EUROPEAN BISON, BIESZCZADY NATIONAL PARK, POLAND: Measuring up to 3.3m (10.8ft) long, the European bison ‘was hunted to extinction in the wild by the early 20th century’, Martin says, adding that the animal was ‘kept alive in captivity and has now been returned to the wild’. More than 600 roam the beech forest of Bieszczady National Park, the author adds
NAMIB DESERT, NAMIB-NAUKLUFT PARK, NAMIBIA: ‘The Namib Desert stretches for 2,000km (1,200 miles) along the coasts of South Africa, Namibia and Angola,’ the book notes. ‘The desert’s aridity is due to cooling of the descending dry air of the Hadley Cell by the cold Benguela ocean current. The Hadley Cell is the cycle of hot, wet air rising near the equator, dropping its moisture as rain, then flowing poleward and descending in the subtropics’
CHAPADA DIAMANTINA NATIONAL PARK, BAHIA, BRAZIL: Martin describes how ‘countless waterfalls cascade through the sandstone, siltstone and argillite cliffs and canyons of Chapada Diamantina’. Mosquito Falls, pictured above, is ‘an hour’s trek from the nearest road’ which was ‘named not after the insect but in honour of the many tiny diamonds found in nearby rocks’, the author explains
CHAPADA DIAMANTINA NATIONAL PARK, BAHIA, BRAZIL: ‘The escarpments of Chapada Diamantina soar above the xeric shrubland of the Caatinga (“white forest”), an exclusively Brazilian biome where succulents and stonecrops dominate,’ Martin says. ‘Endemic species of this ecosystem include the delicate pink Adamantinia orchid and the striking-looking hooded visorbearer hummingbird’
CROWNED LEMUR, MONTAGNE D’AMBRE NATIONAL PARK, MADAGASCAR: ‘Eight species of lemur are found in this national park of northern Madagascar,’ Martin reveals. The crowned lemur, pictured here, lives ‘in a female-led group of up to 15’, she says, adding: ‘During the day, it jumps from branch to branch, using its nonprehensile tail for balance, as it searches for flowers, fruit and leaves’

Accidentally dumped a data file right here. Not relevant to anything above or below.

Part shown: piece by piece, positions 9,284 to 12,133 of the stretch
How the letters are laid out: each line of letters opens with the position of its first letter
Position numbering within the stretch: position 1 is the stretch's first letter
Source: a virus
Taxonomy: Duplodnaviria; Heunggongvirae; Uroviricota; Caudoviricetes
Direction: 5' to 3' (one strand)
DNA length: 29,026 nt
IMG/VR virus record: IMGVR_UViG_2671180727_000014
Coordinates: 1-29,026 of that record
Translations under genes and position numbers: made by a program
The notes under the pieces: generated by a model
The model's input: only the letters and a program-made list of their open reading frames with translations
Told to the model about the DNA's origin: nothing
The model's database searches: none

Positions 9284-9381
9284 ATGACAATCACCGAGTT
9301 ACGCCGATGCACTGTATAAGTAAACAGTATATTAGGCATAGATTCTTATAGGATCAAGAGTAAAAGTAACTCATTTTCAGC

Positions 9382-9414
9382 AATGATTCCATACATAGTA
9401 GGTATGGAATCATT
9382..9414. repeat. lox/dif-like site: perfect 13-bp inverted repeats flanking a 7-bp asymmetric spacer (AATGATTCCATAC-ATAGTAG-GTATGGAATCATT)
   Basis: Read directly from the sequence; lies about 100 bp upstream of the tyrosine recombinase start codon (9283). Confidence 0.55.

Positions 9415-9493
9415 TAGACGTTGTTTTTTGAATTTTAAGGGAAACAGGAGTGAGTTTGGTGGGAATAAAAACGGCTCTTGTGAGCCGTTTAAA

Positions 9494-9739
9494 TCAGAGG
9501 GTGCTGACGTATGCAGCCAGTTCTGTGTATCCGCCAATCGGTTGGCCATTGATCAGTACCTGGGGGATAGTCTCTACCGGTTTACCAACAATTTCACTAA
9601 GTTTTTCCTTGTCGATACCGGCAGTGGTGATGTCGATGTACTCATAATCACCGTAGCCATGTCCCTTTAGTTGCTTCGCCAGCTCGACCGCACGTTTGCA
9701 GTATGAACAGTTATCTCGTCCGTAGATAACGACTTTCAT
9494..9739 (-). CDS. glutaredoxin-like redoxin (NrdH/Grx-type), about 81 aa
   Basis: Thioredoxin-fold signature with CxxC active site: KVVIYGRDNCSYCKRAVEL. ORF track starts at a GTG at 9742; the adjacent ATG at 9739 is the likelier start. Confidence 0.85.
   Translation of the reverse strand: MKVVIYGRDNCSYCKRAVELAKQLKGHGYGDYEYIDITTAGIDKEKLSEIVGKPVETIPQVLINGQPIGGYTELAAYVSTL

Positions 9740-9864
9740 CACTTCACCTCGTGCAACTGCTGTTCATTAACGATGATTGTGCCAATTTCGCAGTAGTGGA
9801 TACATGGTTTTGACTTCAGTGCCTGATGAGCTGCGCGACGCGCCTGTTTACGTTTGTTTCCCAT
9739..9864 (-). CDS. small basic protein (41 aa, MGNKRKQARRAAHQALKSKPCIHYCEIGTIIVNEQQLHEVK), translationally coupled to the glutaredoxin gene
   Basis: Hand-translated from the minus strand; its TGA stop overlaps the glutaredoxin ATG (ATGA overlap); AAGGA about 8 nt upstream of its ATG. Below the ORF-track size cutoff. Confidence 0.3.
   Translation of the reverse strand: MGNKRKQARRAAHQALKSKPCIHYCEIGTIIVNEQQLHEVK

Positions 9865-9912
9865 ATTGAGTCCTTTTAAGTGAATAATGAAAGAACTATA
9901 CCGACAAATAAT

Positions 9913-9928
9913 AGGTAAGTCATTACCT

UPPER SHAVLINSKY LAKE, CHUYA BELKI, ALTAI, RUSSIA: This picture shows Russia’s Upper Shavlinky Lake, which is reached ‘by a two-to-three-day trek across difficult terrain from the village of Chibit, which lies 100km (62 miles) from the Mongolian border’, Martin explains. The lake reflects the glacier-capped mountains of Chuya Ridge which ‘reaches a height of 4,177m (13,704ft) at Maasheybash peak’, she adds
HYPERSALINE POND, AHMED’ELA VILLAGE, DANAKIL DEPRESSION, ETHIOPIA: ‘A cluster of hypersaline ponds lies near the village of Ahmed’ela,’ Martin writes. ‘Formed by hot springs, the ponds have a salinity of around 40 per cent, largely due to high levels of calcium chloride and magnesium chloride’
All images taken from the book The Wild by Claudia Martin (ISBN 978-1-83886-254-1) published by Amber Books Ltd (www.amberbooks.co.uk) and available from bookshops and online booksellers (RRP £19.99/$29.99/CAN$38.99)